In a long action like a CZ you can actually load the WM to Lott length or so close as to make no difference. You just have to be careful not to seat the bullet too far out, so restricted to heavier bullets for this "trick".
If buying a new rifle then the Lott probably has the nod; however standard WM's can make for significantly handier weapons on account of the shorter action. Also bear in mind that the .450 Rigby is way better than either.
Both the .458 African (shortened .404 case) and the .458 Sabi (Shortened .500 Jeffrey case) give very good results in standard length actions - as in exceeding the performance of the Lott but using a standard length action.
BTW: Lets not forget the issue of recoil! A full power WM load is about as much as most people can deal with using an average weight rifle. As you go up the scale the recoil becomes more and more of an issue, so you either have to make the rifle very heavy or add a muzzle brake - which I detest.
 

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Bottom line in this discussion is that a Lot (excuse the pun) comes down to whether you are buying new or working with an existing rifle.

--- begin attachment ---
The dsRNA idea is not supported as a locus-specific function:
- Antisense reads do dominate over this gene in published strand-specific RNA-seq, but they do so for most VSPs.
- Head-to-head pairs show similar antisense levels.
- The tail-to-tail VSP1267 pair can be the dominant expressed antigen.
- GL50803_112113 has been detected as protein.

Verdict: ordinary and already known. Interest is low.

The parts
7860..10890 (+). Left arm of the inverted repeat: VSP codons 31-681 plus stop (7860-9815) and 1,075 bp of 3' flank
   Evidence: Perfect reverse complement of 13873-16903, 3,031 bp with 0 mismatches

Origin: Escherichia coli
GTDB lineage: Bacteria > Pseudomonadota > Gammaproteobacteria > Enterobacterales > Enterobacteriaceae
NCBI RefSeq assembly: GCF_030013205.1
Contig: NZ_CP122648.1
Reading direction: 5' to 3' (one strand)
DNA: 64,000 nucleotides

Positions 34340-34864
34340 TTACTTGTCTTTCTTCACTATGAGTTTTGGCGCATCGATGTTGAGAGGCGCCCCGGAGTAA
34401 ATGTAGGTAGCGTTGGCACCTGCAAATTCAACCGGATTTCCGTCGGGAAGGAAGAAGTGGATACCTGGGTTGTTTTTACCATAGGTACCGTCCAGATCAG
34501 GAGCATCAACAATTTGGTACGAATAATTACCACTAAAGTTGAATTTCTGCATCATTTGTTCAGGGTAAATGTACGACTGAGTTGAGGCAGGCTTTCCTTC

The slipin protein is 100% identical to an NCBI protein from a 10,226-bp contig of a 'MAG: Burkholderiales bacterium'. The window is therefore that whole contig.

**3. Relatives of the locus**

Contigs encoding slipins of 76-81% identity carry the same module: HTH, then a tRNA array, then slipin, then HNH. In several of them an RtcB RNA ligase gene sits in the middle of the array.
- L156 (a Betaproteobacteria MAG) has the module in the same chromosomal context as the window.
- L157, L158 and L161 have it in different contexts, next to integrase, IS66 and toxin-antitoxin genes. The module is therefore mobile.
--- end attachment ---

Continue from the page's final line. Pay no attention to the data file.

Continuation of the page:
If existing then the action length is the determinant. If standard your options with the WM are limited. Best is to drop to 480gr or 450gr monometal. 450gr banded monometal can yield around 2300fps with no pressure issues.
I also know hunters who swear by 400gr bullets. You can get these going really fast and I would think they would be fine on everything save for elephant, but 450gr upwards makes more sense to me as a general heavy gun.
In a long action like a CZ you can actually load the WM to Lott length or so close as to make no difference. You just have to be careful not to seat the bullet too far out, so restricted to heavier bullets for this "trick".
If buying a new rifle then the Lott probably has the nod; however standard WM's can make for significantly handier weapons on account of the shorter action. Also bear in mind that the .450 Rigby is way better than either.